the world seen from Taiwan

Taipei (Taiwan). Bringing together around sixty artists from around twenty countries, the 13th Taipei Biennale was designed by three young international curators: Freya Chou (Hong Kong, Taipei), Reem Shadid (Sharjah, Beirut), and Brian Kuan Wood (Le Cairo, New York). Open until March 24, the Biennale entitled “Small World” succeeds “You and I, we do not live on the same planet”, the 2020 edition that the philosopher Bruno Latour and the independent curator Martin Guinard had co -directed.

Taiwan and the prism of art

The documentary series by Taiwanese photojournalist Hsu Tsun-Hsu (born 1959) attracts attention at the start of the tour. In this series called The More We Get Together, the photographs integrate major political events and scenes of daily life in Taiwan from 1988 to 1998, throughout the decade following the lifting of martial law in place from 1949. This evocation also reflects the history of the Biennale which accompanied the democratic transition of the island. An event launched in 1998 in its current configuration, its origins date back to the 1980s following the inauguration of the Taipei Fine Art Museum (TFAM) in 1983, a unique place where each Biennale is organized. Biannual contemporary art exhibitions were held there for around fifteen years before turning into an international biennial.

Pilgrim in the Microworld (2023) by Hong Kong artist Nadim Abbas (born 1980) offers a metaphorical approach to the island’s geopolitical issues. This installation takes the form of a monumental integrated circuit, in reference to semiconductors of which Taiwan is the world’s number 1 producer. On one of the walls bordering the installation, we discover a selection of black and white photographs by Paul Virilio (1932-2018), from his series “Bunker Archeology (1958-1965)” on military fortifications built by the Nazis, adding a dark historical reference to the dystopian character of the whole. A symbol of the island’s economic and technological ascendancy, the work seems to remind us that the fight for control of these semiconductors can also constitute a threat to peace.

Other geopolitical issues emerge in Laji No. 97 (2023), installation by Filipino Pio Abad (born 1983). It highlights the ethnocultural proximity between the indigenous people of the island of Lanyu, south of Taiwan, and those of the Batanes Islands. However, the maritime border that separates the Taiwanese island from the Philippine archipelago is located on the “nine-dash line” that Beijing uses to claim its sovereignty in the South China Sea. Concerning the visibility of aboriginal cultures, let us remember that it has become a showcase for Taiwanese insularity in relation to mainland China. The first International Triennale of Austronesian Art was also inaugurated in the city of Pingtung, in the south of Taiwan, a month before the opening of the Taipei Biennale.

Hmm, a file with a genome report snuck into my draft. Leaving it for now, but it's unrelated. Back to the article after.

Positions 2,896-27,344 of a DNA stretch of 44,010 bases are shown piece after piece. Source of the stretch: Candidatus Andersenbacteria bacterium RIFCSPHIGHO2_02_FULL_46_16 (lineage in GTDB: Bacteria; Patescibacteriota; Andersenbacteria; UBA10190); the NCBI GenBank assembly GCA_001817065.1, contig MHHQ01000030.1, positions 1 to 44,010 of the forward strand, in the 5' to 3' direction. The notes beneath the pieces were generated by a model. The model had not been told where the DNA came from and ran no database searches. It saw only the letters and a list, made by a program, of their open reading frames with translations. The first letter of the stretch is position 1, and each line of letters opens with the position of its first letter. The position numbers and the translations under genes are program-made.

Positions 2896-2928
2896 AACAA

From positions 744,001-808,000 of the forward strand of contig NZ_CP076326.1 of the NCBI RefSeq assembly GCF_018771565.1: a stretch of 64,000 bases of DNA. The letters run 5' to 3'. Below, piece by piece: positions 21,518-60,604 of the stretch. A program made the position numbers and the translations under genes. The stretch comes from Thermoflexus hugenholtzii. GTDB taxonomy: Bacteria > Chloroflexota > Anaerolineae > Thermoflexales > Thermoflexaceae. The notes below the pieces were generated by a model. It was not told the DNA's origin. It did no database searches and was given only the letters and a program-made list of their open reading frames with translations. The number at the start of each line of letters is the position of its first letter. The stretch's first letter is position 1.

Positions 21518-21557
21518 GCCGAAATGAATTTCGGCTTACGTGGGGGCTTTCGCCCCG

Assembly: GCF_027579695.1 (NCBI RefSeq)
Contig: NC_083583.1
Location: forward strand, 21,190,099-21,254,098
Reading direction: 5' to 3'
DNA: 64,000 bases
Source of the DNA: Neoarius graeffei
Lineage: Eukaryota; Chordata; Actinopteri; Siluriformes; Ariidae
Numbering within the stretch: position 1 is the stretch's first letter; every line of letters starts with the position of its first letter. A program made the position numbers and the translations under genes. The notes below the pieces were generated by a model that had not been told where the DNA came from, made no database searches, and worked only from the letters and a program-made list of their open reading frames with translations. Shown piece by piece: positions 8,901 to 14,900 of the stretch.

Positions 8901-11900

Nadim Abbas, Pilgrim in the Microworld2023, sand, steel, pigments, variable dimensions.

© Nadim Abbas

Toilets open to the rooms

This international dimension extends to the Middle East and North Africa with a notable number of participants from the region. Artists of Lebanese origin are particularly well represented with Lara Tabet, Nesrine Khodr, Raed Yassin. The latter (born in 1979) exhibits China (2012), a collection of seven Chinese blue-white porcelain vases from 2012. Created in the Chinese city of Jingdezhen, renowned worldwide for its production, these vases represent the clashes of the Lebanon War from 1975 to 1990. Lara Tabet ( born in 1980) also evokes Lebanon through a series of photographs on the country’s natural resources, integrating her scientific and artistic research on the subject. Artists from North Africa are also present, such as the Franco-Algerian Massinissa Selmani (born in 1980), one of those selected for the Marcel Duchamp prize in 2023, and the Egyptian Basim Magdy (born in 1977). Both explore violence, past and present conflicts.

In a more symbolic way, we note the presence of walls or partitions in several monumental installations, such as that of the American Jacqueline Kiyomi Gork (Not Exactly (Whatever the New Key Is)2023), or the Chinese Wang Wei (Mirror, 2023). In a more subversive gesture, Taiwanese artist Lai Chih-Sheng (born 1971) chose to remove one of the site’s partitions separating the toilets from the museum galleries, thereby opening the museum space to this normally hidden place. Titled 2B205 (2023), this creation in situ is driven by the flow of air produced by around thirty fans fixed in front of the WC.

A Biennale cautious in the face of political issues

The Biennale addresses subjects engaged in the contemporary world, but rarely in a head-on manner. This precaution can perhaps be attributed to the political-cultural ecosystem in which it operates. Freya Chou, who collaborated on the 6th and 7th editions in 2008 and 2010, specifies that it is a “city biennial” who is not interested in “national representations”. This editorial positioning tends to align with the administrative structure of the event which depends on the City of Taipei, just like the Taipei Fine Arts Museum. This clarification is of particular importance given the profile of Chiang Wan-an, mayor of the city elected in 2022. Member of the Kuomintang (KMT), the main opposition party to the elected president, he is also the great-grandson of Chiang Kai-shek, the general who ruled Taiwan with an iron fist until 1975. Furthermore, Ko Wen-je, the third candidate in the presidential election, was himself mayor of Taipei from 2014 to 2022. Given the pre-electoral context of a tense election with very high stakes, the Biennale probably wanted to avoid any risk of political reappropriation.

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